Photographer shooting a model wearing Courreges and holding an umbrella on the streets of Paris *** Local Caption ***

PARIS — As it prepares to relaunch under new management and a new designer, Courrèges also has a new owner: Artémis, French billionaire François Pinault’s family holding company, has acquired full ownership of the Space Age label, WWD has learned.

Artémis, which already held 40 percent of the house, has bought out Jacques Bungert and Frédéric Torloting, the former Young & Rubicam executives who acquired Courrèges from founders André and Coqueline Courrèges in 2011, according to sources. Financial terms were not disclosed.

Courrèges has been in restructuring mode since April 2017, when it appointed turnaround expert François Le Ménahèze as president. Three months later, the house parted ways with artistic directors Sébastien Meyer and Arnaud Vaillant after two years at the helm.

Since the start of the year, the brand has put in place a new team: Acne Studios alums Christina Ahlers as chief executive officer and Yolanda Zobel as artistic director. Last week, the house unveiled a new logo, designed by Peter Saville, the British art director who is also behind the reworking of the Burberry logo under Riccardo Tisci.

Courrèges has begun releasing on Instagram a series of conceptual short films, using archive footage, under the hashtag #thefutureisbehindyou.

Its arty new direction should come as no surprise. Ahlers worked at Acne Studios from 2006, opening the label’s first overseas office in Paris, which would become its international headquarters. Prior to that, the German executive was sales manager at Maison Martin Margiela.

A relative unknown, Zobel — who grew up in Germany —  worked at Jil Sander, Chloé and Giorgio Armani in addition to Acne. She is set to show her first collection in Paris on Sept. 26.

At the time of her appointment, the designer said Courrèges has “inspired me and entire generations of designers with its anticonformism, its avant-garde spirit and its irresistible joie de vivre.”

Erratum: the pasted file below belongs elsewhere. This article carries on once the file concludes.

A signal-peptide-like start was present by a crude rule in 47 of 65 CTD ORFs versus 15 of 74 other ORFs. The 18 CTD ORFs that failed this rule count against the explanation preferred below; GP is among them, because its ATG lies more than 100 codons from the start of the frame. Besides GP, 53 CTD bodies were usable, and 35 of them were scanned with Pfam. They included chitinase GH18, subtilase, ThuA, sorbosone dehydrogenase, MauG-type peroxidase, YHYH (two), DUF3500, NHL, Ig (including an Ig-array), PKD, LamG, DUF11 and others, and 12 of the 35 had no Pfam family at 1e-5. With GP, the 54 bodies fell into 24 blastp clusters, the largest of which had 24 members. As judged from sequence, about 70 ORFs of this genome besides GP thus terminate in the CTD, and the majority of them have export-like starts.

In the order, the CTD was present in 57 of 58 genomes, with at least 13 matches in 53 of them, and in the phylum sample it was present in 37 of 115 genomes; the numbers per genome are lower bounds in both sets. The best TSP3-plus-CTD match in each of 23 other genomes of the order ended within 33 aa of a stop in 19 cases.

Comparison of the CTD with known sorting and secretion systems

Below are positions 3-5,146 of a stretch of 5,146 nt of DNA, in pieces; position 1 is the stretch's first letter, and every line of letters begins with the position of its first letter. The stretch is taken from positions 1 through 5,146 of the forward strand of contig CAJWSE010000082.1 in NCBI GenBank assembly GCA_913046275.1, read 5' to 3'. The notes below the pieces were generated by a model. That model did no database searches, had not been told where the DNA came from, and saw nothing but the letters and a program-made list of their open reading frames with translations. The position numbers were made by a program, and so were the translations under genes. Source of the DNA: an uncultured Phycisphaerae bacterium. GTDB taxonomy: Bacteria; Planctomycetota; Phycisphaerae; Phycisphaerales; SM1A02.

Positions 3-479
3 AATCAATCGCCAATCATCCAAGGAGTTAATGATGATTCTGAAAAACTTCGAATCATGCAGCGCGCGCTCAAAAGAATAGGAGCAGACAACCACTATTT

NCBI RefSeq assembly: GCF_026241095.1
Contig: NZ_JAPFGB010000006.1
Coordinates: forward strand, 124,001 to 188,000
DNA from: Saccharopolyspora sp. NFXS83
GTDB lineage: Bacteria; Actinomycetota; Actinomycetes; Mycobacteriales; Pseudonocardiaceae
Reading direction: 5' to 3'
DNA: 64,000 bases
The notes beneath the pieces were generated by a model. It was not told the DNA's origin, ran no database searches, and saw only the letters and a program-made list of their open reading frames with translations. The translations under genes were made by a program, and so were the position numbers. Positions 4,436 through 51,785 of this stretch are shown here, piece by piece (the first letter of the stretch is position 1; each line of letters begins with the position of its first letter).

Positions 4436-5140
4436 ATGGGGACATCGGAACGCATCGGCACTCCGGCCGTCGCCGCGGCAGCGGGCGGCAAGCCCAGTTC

Ahlers, meanwhile, said she shares the company’s “values of innovation and creativity,” adding, “I have deep admiration for this house. I have been fortunate to take part in the worldwide success of two major brands. Courrèges’ ambition is outstanding. I will put all my passion for fashion and my experience to make it a reality.”

Courrèges, which has a flagship store on Rue François-1er in Paris, has been downsizing, with the closure last year of the prototype workshop at its historic production facility in the southern French city of Pau, the birthplace of André Courrèges. The historic building, previously Courrèges’ factory complex, opened in 1972. The facility, which was renovated in 2013, no longer produced the brand’s collections, which are manufactured by third-party suppliers.

Artémis is the majority shareholder of the global luxury group Kering, led by its chairman, François-Henri Pinault, the son of company founder François Pinault. It first entered the capital of Courrèges in 2015, and last year added to its fashion portfolio by acquiring a minority stake in Giambattista Valli.

The group’s portfolio also includes the auction house Christie’s, the Château Latour vineyard, the luxury cruise specialist Ponant and the Stade Rennais Football Club, among other assets.

In addition, Artémis owns Palazzo Grassi and Punta della Dogana in Venice, which are the exhibition sites of François Pinault’s contemporary art collections. A third exhibition center is slated to open in 2019 in the Commodities Exchange building in the Paris city center.

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